Joel Hoekstra: Yea, I'd see Kelly Keagy our drummer [in Night Ranger] once a year. He'd come out and sing the hits. A bunch of other great artists were involved with that as well. I got to play with Alan Parsons, Rik Emmett [Triumph] a bunch of times, Don Barnes from .38 [Special], Kip Winger, David Pack from Ambrosia – a really cool list of artists that I'd get to play the hits with; a great experience. Scrap Metal was very much the same way with Joe Lynn Turner [Rainbow]…it was a really great experience. I was the only non-famous person in that band, which was really fun and a great experience for me. I ended up hooking up with Kelly through the World Stage project and one year he came in and I heard that Jeff Watson wasn't with Night Ranger anymore and I got in his face a little bit about it [laughs] and said, "You should've called me." They were working with Reb Beach [Winger, Whitesnake] in the interim period, but they did need somebody. As it turned out, about a week after I saw Kelly, Reb announced that he needed to miss a show and instead of cancelling the gig they said, "Why don't we give this guy a shot." I basically got to do a gig with Night Ranger on no rehearsal and barely a soundcheck. It was terrifying. [laughs]

Bp: That's a nice audition.

Joel Hoekstra: They gave me the recordings and said, "Here ya go!" I think they treated it as, "It will be fun. It will be an experience. We'll just do this." It ended up going really well. That was basically what got me in. A little bit of time passed for what they committed to Reb on, but basically just doing a gig with them cold like that was [laughing] terrifying but it worked really well. Everything else that's current has fallen into line in different ways. Rock of Ages I think a lot of people would figure I'm doing that because of being in Night Ranger, but not really. I got that through subbing on [musical/Broadway] pit stuff in New York. A guy who lived a couple blocks from me was playing on The Boy from Oz at the time and said, "Would you ever consider subbing for me on the pit stuff?" I said, "Dude, I haven't done that since High School." [laughs] I just felt like I wasn't prepared for that. I didn't have the skill set. I asked if I just had to sit down there and sight read it. He said, "No, it doesn't really work that way. You get a recording and the book and you work with it for a couple weeks.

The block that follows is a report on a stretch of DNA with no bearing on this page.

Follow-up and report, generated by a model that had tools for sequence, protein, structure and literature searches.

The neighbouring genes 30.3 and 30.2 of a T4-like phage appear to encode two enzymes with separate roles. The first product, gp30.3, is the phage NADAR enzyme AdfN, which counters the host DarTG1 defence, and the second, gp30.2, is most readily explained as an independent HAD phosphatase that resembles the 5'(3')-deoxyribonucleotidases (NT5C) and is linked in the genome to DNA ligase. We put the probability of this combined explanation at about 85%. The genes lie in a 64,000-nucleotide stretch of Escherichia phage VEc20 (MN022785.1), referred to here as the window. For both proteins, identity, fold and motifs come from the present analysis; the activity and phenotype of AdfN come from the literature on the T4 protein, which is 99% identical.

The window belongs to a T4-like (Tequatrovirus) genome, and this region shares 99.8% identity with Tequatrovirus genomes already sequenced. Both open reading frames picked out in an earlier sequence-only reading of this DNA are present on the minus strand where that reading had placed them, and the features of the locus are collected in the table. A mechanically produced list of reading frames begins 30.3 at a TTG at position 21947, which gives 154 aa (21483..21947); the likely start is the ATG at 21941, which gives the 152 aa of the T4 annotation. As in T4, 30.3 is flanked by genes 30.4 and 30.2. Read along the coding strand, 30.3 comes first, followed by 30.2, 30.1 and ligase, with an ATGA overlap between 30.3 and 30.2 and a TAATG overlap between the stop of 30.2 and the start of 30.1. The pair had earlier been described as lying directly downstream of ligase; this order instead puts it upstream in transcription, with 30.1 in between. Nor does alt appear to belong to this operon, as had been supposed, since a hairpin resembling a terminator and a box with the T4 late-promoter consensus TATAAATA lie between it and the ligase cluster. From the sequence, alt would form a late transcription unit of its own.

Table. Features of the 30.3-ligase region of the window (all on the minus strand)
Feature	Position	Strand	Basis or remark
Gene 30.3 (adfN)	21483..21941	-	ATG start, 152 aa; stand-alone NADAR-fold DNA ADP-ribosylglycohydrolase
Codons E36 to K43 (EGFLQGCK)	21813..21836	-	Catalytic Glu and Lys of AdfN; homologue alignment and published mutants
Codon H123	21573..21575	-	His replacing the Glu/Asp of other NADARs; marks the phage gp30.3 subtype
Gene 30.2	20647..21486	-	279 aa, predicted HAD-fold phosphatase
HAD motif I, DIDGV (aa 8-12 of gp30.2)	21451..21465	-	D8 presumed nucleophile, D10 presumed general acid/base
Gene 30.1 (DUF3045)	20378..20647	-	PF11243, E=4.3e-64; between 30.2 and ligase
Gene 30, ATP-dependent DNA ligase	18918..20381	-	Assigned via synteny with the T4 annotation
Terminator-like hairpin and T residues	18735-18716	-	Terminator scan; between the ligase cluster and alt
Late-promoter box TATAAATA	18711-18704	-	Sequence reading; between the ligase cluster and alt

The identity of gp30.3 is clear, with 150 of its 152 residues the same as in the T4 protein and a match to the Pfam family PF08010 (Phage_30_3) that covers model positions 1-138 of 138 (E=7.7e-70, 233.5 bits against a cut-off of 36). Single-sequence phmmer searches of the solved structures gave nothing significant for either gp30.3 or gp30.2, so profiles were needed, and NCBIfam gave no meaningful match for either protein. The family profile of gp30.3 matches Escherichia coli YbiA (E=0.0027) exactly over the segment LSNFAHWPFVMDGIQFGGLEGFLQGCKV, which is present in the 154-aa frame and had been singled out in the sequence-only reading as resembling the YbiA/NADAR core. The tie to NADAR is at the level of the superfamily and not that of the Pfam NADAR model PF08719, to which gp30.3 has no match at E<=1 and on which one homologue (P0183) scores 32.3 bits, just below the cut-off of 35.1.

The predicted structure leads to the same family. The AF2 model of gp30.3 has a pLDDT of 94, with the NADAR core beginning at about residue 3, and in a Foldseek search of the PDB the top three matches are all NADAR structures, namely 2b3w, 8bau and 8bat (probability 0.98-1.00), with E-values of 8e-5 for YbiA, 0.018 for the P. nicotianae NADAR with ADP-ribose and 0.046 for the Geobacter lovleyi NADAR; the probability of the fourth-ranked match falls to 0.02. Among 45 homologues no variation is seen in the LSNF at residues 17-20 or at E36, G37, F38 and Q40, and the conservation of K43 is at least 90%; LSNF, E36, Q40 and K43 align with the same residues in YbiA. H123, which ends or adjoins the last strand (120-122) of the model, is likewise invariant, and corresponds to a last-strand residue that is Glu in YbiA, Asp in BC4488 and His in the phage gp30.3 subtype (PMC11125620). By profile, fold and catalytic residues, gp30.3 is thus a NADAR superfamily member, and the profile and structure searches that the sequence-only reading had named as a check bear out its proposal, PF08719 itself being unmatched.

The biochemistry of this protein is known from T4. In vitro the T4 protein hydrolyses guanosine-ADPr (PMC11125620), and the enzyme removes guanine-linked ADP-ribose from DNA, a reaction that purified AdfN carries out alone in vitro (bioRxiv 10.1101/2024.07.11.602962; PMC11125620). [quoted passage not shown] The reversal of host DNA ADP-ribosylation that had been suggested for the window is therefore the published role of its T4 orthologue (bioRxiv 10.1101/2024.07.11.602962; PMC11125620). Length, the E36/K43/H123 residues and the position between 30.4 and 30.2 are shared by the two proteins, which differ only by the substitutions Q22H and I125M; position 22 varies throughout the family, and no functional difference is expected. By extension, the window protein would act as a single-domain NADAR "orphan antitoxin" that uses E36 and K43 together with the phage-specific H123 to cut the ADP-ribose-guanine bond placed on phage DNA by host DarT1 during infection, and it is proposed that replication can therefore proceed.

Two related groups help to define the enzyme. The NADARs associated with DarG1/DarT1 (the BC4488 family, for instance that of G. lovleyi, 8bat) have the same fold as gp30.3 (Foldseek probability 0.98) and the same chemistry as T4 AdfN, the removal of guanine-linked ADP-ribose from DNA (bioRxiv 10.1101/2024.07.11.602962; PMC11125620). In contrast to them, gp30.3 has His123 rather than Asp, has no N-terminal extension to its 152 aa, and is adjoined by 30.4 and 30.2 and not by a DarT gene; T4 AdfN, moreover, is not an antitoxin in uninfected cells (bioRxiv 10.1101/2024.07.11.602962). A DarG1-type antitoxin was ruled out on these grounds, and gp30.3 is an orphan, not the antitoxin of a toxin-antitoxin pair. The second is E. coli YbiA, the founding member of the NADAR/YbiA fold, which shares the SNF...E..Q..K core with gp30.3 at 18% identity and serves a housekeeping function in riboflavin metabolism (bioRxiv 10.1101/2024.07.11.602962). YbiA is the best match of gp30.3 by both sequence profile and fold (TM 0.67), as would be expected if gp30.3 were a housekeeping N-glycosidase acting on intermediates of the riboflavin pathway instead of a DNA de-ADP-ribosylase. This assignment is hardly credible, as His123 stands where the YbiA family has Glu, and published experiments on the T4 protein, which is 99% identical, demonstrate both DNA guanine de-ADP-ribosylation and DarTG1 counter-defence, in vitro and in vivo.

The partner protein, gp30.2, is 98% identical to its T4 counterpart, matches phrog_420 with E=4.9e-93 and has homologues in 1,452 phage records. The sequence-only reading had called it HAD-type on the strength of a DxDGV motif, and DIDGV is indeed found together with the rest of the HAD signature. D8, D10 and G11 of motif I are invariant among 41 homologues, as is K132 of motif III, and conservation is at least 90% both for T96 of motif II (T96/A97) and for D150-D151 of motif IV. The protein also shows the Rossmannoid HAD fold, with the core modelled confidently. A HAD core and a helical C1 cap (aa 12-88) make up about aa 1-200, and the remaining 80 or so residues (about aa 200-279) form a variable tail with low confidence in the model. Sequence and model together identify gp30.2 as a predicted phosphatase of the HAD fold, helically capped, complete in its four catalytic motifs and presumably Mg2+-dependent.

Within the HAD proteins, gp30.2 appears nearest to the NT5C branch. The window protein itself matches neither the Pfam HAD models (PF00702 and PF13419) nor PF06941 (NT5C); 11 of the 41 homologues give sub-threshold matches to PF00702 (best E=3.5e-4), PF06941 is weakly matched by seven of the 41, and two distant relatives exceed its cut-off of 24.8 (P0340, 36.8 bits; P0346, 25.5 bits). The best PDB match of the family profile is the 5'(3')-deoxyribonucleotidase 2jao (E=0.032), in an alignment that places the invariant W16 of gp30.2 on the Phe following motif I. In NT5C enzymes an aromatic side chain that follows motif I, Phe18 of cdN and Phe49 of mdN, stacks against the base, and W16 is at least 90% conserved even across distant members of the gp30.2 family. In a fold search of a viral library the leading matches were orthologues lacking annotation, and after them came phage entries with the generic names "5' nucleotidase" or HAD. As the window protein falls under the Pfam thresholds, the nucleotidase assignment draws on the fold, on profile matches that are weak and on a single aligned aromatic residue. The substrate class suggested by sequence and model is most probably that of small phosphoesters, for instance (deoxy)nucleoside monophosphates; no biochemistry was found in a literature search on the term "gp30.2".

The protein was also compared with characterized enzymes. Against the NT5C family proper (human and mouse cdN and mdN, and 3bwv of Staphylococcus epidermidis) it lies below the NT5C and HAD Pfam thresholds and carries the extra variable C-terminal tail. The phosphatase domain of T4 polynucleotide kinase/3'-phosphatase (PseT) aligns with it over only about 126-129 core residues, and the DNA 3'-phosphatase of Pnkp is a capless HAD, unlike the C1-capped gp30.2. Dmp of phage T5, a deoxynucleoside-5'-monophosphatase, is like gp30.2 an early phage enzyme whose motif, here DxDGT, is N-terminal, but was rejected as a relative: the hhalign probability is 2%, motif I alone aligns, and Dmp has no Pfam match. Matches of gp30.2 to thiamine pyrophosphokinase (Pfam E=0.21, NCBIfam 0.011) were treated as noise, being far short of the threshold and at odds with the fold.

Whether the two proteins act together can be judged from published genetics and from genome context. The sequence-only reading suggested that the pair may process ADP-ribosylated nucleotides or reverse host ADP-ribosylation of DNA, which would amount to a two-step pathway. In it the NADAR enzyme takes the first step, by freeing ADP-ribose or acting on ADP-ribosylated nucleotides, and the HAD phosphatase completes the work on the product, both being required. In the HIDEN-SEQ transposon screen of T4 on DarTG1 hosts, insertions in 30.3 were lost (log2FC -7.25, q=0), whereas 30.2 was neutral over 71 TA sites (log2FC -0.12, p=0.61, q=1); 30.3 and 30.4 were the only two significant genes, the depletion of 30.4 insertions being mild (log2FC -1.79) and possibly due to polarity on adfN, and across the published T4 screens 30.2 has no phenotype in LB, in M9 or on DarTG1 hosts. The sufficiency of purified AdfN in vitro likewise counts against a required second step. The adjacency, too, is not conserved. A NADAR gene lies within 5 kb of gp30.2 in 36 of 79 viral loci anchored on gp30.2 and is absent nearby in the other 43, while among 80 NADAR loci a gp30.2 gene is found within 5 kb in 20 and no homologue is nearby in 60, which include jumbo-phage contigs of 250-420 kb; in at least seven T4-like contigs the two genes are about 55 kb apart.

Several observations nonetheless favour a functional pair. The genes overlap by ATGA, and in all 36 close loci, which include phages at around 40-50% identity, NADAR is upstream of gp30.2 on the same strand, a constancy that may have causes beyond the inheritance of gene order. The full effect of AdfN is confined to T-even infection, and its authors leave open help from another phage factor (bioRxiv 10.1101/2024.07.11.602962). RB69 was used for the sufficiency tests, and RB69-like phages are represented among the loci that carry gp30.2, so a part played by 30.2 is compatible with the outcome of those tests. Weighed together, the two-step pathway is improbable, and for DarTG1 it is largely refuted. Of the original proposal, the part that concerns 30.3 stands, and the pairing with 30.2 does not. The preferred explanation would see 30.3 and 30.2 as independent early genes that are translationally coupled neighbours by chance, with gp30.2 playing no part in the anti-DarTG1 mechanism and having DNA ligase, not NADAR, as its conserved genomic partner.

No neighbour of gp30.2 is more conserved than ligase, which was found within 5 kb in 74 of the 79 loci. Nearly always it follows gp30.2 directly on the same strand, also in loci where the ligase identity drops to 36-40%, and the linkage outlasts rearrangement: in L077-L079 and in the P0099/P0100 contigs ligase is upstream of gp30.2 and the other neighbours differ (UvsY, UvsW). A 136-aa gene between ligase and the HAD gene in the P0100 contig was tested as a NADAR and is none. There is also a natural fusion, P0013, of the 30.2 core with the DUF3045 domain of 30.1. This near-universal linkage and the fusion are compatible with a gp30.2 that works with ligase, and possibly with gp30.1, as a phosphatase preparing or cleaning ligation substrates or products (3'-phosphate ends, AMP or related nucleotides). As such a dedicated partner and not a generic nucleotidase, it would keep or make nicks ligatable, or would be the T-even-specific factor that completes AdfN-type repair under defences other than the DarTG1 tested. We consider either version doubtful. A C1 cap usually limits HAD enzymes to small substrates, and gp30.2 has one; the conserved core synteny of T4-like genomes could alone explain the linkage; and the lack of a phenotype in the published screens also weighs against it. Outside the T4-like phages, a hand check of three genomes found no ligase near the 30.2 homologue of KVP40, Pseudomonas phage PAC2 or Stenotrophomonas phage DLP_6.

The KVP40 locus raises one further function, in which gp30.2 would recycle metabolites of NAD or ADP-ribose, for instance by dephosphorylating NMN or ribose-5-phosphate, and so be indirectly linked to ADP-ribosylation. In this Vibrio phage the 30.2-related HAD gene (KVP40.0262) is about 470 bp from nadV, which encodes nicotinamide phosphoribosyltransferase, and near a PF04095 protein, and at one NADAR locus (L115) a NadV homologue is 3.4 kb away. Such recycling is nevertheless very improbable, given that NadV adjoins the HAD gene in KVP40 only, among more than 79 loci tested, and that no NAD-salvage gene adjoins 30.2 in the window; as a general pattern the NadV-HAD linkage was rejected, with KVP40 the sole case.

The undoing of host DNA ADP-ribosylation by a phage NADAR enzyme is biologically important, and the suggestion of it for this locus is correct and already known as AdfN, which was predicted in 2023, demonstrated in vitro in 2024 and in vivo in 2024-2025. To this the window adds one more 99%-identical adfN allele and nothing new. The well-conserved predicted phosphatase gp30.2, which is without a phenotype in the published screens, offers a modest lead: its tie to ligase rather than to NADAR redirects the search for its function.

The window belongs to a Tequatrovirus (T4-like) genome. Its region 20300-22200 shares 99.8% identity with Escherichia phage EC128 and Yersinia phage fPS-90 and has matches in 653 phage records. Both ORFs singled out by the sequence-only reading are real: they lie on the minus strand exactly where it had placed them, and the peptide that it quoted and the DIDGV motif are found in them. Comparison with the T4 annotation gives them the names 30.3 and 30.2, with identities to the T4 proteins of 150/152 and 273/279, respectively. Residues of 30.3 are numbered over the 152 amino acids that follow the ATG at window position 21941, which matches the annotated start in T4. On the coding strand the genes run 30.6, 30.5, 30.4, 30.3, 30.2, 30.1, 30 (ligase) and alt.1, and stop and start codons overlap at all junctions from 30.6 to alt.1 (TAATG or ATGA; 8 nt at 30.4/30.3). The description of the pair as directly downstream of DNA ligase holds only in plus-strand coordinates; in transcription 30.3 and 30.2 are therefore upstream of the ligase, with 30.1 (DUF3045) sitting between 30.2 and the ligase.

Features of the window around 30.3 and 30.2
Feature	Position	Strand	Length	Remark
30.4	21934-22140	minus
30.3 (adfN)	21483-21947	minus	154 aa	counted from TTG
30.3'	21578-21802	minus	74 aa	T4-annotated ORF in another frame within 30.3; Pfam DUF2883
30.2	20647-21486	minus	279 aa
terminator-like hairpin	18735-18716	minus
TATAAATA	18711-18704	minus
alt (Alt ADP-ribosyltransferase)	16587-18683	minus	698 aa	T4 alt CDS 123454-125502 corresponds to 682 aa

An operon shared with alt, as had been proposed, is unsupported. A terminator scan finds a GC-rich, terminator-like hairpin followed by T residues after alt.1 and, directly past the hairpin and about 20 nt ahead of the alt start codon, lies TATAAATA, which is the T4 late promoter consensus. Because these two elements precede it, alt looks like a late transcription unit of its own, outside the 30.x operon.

I worked really hard on it and did a few shows subbing for him in the pit. I subbed on the show Tarzan for him and it turned out that the keyboard player from that show became the music supervisor for Rock of Ages. When it came time for him to put together the band he was like, "Oh, I remember this guy sitting in on Tarzan who was a rock guitar guy." He had no idea I was with Night Ranger or anything at that point. That's the classic example of the harder you work the better your luck gets. So yea, that's how that worked out and Rock of Ages has just been such a blessing. I get to gig every day and keep my skill set sharp. It's given me so much time on stage, I can't even begin to tell you. I figure by now I've probably played about twelve or thirteen-hundred of the nineteen-hundred performances.

Bp: Wow, that's amazing.

Joel Hoekstra: Yea, it's been crazy to be able to get that amount of time on stage. They're very cool with me taking off whenever I want. There's so many good things about this gig. The fact that I'm able to have continuous work with Night Ranger and Trans-Siberian Orchestra while I'm having a gig every day I go home has just been really awesome. At the end of the day, it's that '80s stuff I grew up on that's given me…there's been so many cool moments at that show. So many people have come to see it. It's really been like an era. We've been five years on Broadway now and with off-Broadway it's really been over five years I've been working with that show. On one hand, thank goodness I have it on the other hand, thank goodness I have other stuff to get me out of there otherwise I think I'd probably be in a mental institution right now [laughs]. It's a little bit like the movie Groundhog Day with Bill Murray. You wake up every day and your big change is how you think of it mentally, but you're still going to do the same thing.

Bp: So where did the TSO connection come in? Was it through Katrina or Tristan? Did you know about TSO?